If the American people voted to dismantle the “administrative state,” the new White House budget certainly delivers on the promise. The Washington Post’s analysis of the OMB proposal calls it the biggest rollback in the federal workforce since the end of World War II, and the fulfillment of a generation of GOP promises to rein in the Beltway. The real trick, though, is to see how much of this survives in the actual budget:
President Trump’s budget proposal this week would shake the federal government to its core if enacted, culling back numerous programs and expediting a historic contraction of the federal workforce.
This would be the first time the government has executed cuts of this magnitude — and all at once — since the drawdown following World War II, economists and budget analysts said.
The spending budget Trump is set to release Thursday will offer the clearest snapshot of his vision for the size and role of government. Aides say that the president sees a new Washington emerging from the budget process, one that prioritizes the military and homeland security while slashing many other areas, including housing, foreign assistance, environmental programs, public broadcasting and research. Simply put, government would be smaller and less involved in regulating life in America, with private companies and states playing a much bigger role.
Private companies won’t “regulat[e] life in America,” but states might pick up whatever slack that gets created from a Trump budget. That falls precisely in line with the Republican philosophies of federalism and subsidiarity, where governance works best when closest to the voters. Reducing the EPA’s jurisdiction necessarily means needing fewer people working at the EPA, but it doesn’t mean that individual states cannot pick up the same tasks if they see the need to do so. (Let’s hope they skip on picking up the slack on in-office porn though, as Jazz noted earlier.)
The same applies with HUD, a policy area that gets specific attention in the WaPo analysis:
Although final numbers remain in flux, his advisers have considered cutting the Department of Housing and Urban Development’s budget by $6 billion, or 14 percent, according to a preliminary budget document obtained by The Washington Post. That is a change that Trulia chief economist Ralph McLaughlin said could “put nearly 8 million Americans in both inner-city and suburban communities at risk of losing their public housing and nearly 4 million at risk of losing their rental subsidy.”
That depends on where the cuts are made, and how much can be managed afterward. But it also depends on whether state and local governments pick up the slack for themselves, too. The need for low-income housing is real, but the need to have the federal government run it is not so clear. Lyndon Johnson instituted many of these policies as part of his Great Society policies (some began in the previous decade), but the outcomes of running these programs at the federal level are murky at best. Can they be better run at the state level rather than at the federal level? Perhaps after 50 years, it’s time to try.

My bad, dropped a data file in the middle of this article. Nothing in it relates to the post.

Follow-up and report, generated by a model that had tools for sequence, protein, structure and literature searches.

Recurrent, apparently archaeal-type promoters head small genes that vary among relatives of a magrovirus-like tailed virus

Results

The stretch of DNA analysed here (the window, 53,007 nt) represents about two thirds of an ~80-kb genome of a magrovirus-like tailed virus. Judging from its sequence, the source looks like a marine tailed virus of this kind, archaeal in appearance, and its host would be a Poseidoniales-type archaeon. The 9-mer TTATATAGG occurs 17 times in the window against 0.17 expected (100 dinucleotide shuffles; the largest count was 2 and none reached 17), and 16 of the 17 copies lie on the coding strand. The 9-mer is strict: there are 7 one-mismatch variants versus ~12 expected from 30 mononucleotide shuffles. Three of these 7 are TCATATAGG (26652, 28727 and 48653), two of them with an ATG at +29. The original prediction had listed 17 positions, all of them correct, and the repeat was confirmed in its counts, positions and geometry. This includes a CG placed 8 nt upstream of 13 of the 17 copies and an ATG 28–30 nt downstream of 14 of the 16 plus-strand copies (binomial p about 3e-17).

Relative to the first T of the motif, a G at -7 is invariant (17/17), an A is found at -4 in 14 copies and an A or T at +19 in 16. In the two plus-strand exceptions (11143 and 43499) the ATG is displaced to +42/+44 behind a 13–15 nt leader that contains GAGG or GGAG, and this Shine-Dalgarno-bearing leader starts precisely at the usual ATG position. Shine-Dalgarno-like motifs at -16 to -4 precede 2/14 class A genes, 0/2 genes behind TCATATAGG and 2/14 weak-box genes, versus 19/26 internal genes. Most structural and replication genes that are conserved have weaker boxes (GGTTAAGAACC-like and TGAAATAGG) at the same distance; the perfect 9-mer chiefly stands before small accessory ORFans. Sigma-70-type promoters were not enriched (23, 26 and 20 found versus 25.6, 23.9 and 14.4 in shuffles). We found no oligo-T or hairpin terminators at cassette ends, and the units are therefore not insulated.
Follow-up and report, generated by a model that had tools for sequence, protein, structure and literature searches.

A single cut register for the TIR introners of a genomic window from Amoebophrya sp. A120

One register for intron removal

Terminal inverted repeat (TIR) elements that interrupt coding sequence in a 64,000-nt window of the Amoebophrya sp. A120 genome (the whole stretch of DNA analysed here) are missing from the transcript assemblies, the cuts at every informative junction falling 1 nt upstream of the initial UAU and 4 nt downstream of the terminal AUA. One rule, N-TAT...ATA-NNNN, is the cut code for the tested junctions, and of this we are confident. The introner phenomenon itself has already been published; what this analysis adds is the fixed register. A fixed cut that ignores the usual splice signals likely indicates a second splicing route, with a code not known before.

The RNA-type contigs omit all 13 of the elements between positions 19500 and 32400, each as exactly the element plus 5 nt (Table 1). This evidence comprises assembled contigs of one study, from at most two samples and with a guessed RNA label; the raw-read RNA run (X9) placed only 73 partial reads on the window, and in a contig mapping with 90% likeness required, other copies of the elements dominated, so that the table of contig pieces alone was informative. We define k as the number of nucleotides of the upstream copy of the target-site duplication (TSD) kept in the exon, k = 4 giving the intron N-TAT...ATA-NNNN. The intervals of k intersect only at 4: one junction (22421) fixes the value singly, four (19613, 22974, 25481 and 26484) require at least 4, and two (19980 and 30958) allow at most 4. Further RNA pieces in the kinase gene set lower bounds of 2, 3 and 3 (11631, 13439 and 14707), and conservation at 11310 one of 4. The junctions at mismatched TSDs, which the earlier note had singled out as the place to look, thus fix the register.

The theme of federalism runs through this proposal and in Damian Paletta’s analysis, although Paletta may not have grasped it. The reason that the budget “prioritizes the military and homeland security while slashing many other areas” is because the Constitution makes national security an explicit responsibility of the federal government, and grants no specific jurisdiction to the others mentioned. Since the war-economy years of World War II and the distortions caused by Wickard v Filburn and other Supreme Court cases that defined “interstate commerce” to mean practically anything, the federal government has become unmoored from its constitutional restrictions. This budget reflects the first serious attempt to return to them … at least in a budgetary sense.
This presents two problems, however. The first is that this budget is trying to attempt the impossible — balancing the budget without attempting serious entitlement reform. It won’t work, and the effort will leave off a critical aspect of a return to federalism, which is the return of resources to states along with authority. States may do a better job of handling these tasks, but the federal government still soaks up the money they’d use to do them. This budget can’t send the money back to the states if it’s trying to just achieve fiscal balance, which would force states to hike taxes and fees even more to deal with those issues.
The second problem is that it’s almost certain to fail in Congress. Republicans have promised this return to federalism for decades, but they don’t see eye to eye on the details of it, and Democrats don’t agree with it at all. Democrats will go all-out to protect their public-employee union constituencies as well as their philosophical approach to top-down governance. Trump will get some of what this budget promises, but it’s not going to be the whole enchilada. His best move in that case will be to just not spend the money, even if it’s appropriated, to cut down on federal intervention, but that could bring back earmarks in a big hurry if it steps on too many bipartisan toes.
Even so, this is still a good first step. At least these issues are finally on the table in a meaningful way, and Trump’s pugilistic approach to politics means that we’ll be discussing them seriously, even if not literally.